Self tapes will be required, we will be in touch with where to send them.
“My brother and I were both placed into foster homes at a young age. He was lucky—he went to a family called the Ripleys. I went through four different homes in three years, and each one was worse than the next. I’d get to see my brother every few months. Ms. Ripley would take us for lunch at McDonalds. Back then the word ‘family’ didn’t mean much to me. But the Ripleys made me feel welcome in their home. Whenever I did something wrong, Ms Ripley would sit me down and explain why it wasn’t OK. But then she’d say: ‘You’re not going anywhere. Because you belong to us now.’ Shortly after I joined the family, Mr Ripley was diagnosed with cancer. And later that year he passed away. Ms Ripley’s entire world fell apart. Nobody would have blamed her for taking us back. But instead, she took us to court and made it permanent. She worked whatever odd jobs she could find. We never had much, but we went to movies. We had family game nights. She must have been so stressed, but that’s not at all what I remember. I just remember the affirmation that she gave me. It was always: ‘You’re smart.’ And ‘You’re handsome.’ And ‘You survived all that stuff because you’re
strong.’ She cried when I joined the army, but she knew it was my best chance for an education. Last year I had a daughter of my own. And that really put me into an emotional tailspin. Because I realized how every little choice I make is going to affect her future. And then I started thinking about how different my life could have been. Because my early development had been the opposite of what a child’s should be. I should be broken, but I’m not. Because thirty years ago my Mum decided to keep me. And somehow, despite all her sadness and heartbreak, she poured enough love into me so that I could heal.”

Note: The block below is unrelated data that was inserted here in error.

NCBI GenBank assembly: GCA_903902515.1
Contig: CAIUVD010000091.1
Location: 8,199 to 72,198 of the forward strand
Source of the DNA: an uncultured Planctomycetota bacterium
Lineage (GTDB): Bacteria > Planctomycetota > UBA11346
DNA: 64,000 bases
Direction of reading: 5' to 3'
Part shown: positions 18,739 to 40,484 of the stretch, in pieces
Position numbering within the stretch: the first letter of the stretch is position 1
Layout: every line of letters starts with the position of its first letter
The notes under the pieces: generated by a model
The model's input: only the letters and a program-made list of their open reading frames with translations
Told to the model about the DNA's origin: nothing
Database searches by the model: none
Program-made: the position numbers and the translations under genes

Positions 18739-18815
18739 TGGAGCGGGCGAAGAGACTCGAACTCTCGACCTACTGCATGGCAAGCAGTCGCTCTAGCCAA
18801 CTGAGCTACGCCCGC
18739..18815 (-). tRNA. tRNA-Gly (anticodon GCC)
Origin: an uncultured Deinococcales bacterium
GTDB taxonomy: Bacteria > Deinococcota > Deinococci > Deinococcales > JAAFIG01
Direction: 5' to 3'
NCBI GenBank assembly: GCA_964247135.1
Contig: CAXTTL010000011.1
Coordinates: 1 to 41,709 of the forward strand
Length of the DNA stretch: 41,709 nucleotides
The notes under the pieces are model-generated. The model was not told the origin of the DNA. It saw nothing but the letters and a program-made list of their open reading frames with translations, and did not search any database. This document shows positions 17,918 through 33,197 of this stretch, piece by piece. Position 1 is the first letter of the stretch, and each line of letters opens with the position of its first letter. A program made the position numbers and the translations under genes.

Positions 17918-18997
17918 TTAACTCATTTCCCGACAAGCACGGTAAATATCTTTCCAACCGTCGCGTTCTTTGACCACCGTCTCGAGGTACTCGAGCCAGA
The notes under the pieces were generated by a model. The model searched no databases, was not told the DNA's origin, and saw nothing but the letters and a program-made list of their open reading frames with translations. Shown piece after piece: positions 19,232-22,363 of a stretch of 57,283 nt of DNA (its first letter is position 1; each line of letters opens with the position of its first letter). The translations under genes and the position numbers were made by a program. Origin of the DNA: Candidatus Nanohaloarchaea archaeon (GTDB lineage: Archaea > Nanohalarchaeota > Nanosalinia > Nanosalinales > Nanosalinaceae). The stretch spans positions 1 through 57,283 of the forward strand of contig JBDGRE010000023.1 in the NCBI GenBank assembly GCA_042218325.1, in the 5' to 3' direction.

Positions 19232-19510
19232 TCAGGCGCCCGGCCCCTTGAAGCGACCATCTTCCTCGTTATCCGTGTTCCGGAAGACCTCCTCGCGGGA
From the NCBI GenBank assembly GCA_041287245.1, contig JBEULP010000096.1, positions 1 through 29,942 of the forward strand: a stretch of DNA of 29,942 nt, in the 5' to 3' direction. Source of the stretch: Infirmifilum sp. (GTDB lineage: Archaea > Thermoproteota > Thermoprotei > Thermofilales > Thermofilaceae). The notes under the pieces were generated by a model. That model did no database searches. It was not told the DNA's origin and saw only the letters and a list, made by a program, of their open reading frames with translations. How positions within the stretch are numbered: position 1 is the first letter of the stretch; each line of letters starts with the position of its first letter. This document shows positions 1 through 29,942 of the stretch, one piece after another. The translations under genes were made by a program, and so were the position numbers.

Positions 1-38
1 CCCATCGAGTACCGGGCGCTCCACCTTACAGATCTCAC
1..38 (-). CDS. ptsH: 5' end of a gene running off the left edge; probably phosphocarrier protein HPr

Mum: (a telephone conversation):
KERRY: Hi, mum.
MUM: Did you get my text, love?
KERRY: Yeah, I saw it.
KERRY: So what?
MUM: Well, did you open the link?
KERRY: Aw, yeah, I …I dunno. I’m not quite—I don’t have time, you know, to be filling out forms and stuff,
mum. I’m busy.
MUM: Well, honestly, you shouldn’t be. I don’t know why you’re back to work at all, Kerry. You should be
taking time for yourself—
MUM: Anyway, I thought you’d say you’re busy, so I filled the form out for you. You don’t have to do
anything, except show up.
KERRY: Show up where? When?
MUM: He hasn’t set a date yet. He’s left that in your hands.
Audition / Rehearsal / Production datesShooting will be 1 day between Monday 1st and Thursday 4th March (TBC)
Unpaid – this is a collaboration opportunity - Student Film.
Collaborations should create mutual benefit and are usually amateur, student or 'Time for Print' projects.
All advertisers agree to abide by the UK National Minimum Wage Act and are responsible for defining the nature of their production and any payment requirements. Find out more.
A caring and perceptive cashier at a local corner shop. Requirements: Male aged 29-41. Must be able to travel to and from Beaconsfield for filming. Must be available for 1-day filming between 01/03/2021 and 04/03/2021 - exact date TBC This role will require a self tape to be considered - please use the monologue when asked.
Male, aged 29 to 41
Applications closed 23 February 2021.
We are looking for a warm caring mother for our leading lady. After a devastating family event our leading lady is spiralling and her Mother would do anything to make things better for her heart broken daughter. Requirements: Female aged 48-60. Caucasian. This role is likely to be Voice over only, you must be able to travel to Beaconsfield for recording or have access to your own recording equipment. Please use the telephone conversation dialogue to create your self tape when asked.
Female, aged 48 to 60
- Ethnicity: White / Caucasian
Applications closed 23 February 2021.